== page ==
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MACCA IS PITCH PERFECT; Beatles legend Paul rocks 30,000-strong Hampden crowd.


For Paul McCartney playing live is a risky business. The former Beatle has a unique music legacy to protect, so every show lays him wide open to criticism.

At 68 years of age, the pop legend has nothing left to prove creatively. What a thrill then to discover the man who once sang: "Will you still need me when I'm 64?" is still rocking and relevant.

After a lifetime performing it's safe to say Macca knows all the tricks required to win over a 30,000-strong Hampden audience. What impressed most though is the sheer passion with which he set about his task.

"Were gonna start off with a technical error...pretend you're not seeing this bit," shouted McCartney in good humour as roadies attempt to repair a malfunctioning guitar.

It was the only glitch in a faultless show.

With the songs at his disposal, it was a bold move to kick off with Venus And Mars/Rockshow followed by Jet from his mid-1970s Wings' period. Vocally, he tore into the latter with an energy of a singer half his age and he looked pretty cool too.

It's easy to put Macca under the microscope. Had the voice been a little croaky or had the quality control level dipped, he'd have been hit by a barrage of dissenting voices saying: "He's lost it... he's not as good as he once was."

My guess is McCartney sings and plays better now than in the brief - and more primitive - Beatles' live era when stage equipment was still in its infancy. As he rolled back the years from All My Loving and Drive My Car through to Blackbird and Eleanor Rigby it was breathtaking.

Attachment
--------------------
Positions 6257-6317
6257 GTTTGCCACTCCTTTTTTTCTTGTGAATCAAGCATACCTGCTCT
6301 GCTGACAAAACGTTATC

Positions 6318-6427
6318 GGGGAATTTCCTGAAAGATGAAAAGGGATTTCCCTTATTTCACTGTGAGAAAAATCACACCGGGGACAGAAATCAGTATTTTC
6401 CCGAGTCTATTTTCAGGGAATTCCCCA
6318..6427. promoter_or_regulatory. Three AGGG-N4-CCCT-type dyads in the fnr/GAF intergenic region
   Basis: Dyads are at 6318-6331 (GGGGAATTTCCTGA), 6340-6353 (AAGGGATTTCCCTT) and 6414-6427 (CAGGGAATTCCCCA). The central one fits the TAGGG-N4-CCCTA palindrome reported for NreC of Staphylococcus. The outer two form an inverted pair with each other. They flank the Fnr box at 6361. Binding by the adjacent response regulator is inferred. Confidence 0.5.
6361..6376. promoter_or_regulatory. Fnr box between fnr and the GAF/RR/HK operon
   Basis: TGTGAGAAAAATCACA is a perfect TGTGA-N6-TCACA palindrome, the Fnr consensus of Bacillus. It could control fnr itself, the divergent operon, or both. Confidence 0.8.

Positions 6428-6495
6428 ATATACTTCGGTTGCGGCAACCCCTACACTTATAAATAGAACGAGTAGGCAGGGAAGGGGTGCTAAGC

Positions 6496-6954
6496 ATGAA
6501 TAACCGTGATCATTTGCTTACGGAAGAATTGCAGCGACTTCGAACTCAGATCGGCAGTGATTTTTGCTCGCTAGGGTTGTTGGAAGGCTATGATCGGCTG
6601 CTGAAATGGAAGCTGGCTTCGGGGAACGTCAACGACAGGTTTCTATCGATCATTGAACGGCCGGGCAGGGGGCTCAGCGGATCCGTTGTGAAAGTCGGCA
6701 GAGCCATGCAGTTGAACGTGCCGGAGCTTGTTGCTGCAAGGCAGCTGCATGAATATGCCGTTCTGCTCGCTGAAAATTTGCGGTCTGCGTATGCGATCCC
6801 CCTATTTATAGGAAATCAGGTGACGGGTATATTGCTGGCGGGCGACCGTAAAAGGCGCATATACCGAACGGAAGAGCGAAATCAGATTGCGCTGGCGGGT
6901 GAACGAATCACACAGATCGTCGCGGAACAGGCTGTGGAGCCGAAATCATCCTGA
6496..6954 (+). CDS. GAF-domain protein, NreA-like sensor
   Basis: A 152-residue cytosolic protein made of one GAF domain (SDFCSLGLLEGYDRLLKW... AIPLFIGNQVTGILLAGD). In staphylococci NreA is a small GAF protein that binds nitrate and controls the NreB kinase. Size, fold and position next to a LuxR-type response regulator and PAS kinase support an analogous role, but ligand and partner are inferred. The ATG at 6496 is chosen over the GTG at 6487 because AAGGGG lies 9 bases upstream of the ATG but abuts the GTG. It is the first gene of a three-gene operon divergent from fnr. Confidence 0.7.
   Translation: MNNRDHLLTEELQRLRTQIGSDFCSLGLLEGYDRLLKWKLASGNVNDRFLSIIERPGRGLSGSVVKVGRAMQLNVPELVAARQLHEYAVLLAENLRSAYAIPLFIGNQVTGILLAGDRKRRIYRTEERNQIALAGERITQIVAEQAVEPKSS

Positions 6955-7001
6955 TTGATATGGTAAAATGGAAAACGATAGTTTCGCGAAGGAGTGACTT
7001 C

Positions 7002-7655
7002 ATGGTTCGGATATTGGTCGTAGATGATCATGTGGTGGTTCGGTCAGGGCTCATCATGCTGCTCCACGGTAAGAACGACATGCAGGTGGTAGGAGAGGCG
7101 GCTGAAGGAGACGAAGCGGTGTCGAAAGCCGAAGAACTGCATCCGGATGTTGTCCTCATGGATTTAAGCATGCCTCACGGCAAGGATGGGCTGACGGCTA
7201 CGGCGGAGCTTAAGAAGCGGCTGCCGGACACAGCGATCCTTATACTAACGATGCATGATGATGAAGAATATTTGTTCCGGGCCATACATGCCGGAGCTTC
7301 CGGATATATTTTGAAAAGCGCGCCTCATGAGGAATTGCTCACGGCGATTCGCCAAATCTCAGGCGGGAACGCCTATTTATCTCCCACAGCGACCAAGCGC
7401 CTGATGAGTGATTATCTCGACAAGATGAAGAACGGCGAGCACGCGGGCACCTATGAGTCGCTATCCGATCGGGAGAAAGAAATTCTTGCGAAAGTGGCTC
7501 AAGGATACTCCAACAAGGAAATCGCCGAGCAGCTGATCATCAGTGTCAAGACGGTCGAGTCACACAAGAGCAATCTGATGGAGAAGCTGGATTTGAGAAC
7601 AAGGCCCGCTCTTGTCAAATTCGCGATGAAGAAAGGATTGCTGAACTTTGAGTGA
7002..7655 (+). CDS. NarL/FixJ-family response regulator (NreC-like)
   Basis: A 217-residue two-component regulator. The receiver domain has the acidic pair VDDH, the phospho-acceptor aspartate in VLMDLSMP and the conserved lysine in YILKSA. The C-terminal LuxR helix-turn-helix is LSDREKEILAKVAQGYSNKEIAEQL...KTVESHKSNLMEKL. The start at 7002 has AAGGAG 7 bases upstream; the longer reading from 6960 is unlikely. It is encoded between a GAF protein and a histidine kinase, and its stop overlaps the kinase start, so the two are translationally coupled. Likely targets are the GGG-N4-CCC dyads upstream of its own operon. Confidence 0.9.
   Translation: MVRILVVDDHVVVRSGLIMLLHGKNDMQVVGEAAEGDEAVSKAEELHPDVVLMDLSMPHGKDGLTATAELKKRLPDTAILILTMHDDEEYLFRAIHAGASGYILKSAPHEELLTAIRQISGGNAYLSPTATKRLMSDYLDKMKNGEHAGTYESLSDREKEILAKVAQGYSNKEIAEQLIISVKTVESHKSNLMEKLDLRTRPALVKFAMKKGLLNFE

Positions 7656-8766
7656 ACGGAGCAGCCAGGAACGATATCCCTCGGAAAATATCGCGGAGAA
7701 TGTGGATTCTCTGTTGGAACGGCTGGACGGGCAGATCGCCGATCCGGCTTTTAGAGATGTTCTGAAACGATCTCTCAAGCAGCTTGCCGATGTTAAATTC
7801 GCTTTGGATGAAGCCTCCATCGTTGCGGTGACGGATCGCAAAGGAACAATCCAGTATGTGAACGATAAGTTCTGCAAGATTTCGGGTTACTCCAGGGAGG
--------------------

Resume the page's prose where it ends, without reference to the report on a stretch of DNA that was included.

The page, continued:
It's testament to his glorious back catalogue he could afford to "rest" all-time classics such as I'm Looking Through You and Two Of Us, only to replace them with songs of the stature of I've Just Seen A Face and a showstopping And I Love Her. But if anything, it was his little musical "curve balls" which impressed most. The rarely-performed Wings' hits Letting Go, Let Me Roll It and Nineteen Hundred And Eighty Five were outstanding.

His version of Something - performed on ukelele - was a poignant tribute to his late mate George Harrison while the haunting Here Today plus an emotional reading of A Day In The Life/Give Peace A Chance transported the audience back to a time when he sat across the kitchen table swapping ideas for songs with a teenage John Lennon.

Inevitably, the familiarity of his material means there's a danger any element of surprise may be lost.

Macca confounded this with a sublime The Long And Winding Road whose beautiful piano coda seemed to get richer with every twist and turn.

It proved the essence of the man for save a few spectacular pyrotechnics during Live And Let Die and state-ofthe-art video screens he resisted the temptation of swamping his show with unnecessary razzmatazz. Great songs sung well was the order of the day.

It also helped that he did not surround himself with a group of hackneyed session men earning their pay cheques with play-by-numbers interpretations of his hits. The singer repeatedly "faced off" with ace twin guitarists Rusty Anderson and Brian Ray as if challenging them to drive him harder...which they did.

While keyboard player Paul "Wix" Wickens provided each song with vital fills as powerhouse drummer Abe Laboriel Jr. nearly tore the Hampden stand roof off with his percussive thunderclaps.

Macca was at pains to prove he's no nostalgia act however. More recent songs - notably Sing The Changes from his Fireman project - dovetailed beautifully with Back In The USSR, I've Got A Feeling, Paperback Writer, Let It Be and Hey Jude.

Then, just when you thought it couldn't get any better, it did with a stunning sprint to the tape which included Day Tripper, Lady Madonna, Helter Skelter and Sgt. Pepper's Lonely Hearts Club Band. Gig of the year? Yes... and by the length of the famous Hampden pitch.



WHEN I'M 68' McCartney is showing no signs of slowing down
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Title Annotation:Features
Publication:Sunday Mail (Glasgow, Scotland)
Date:Jun 27, 2010
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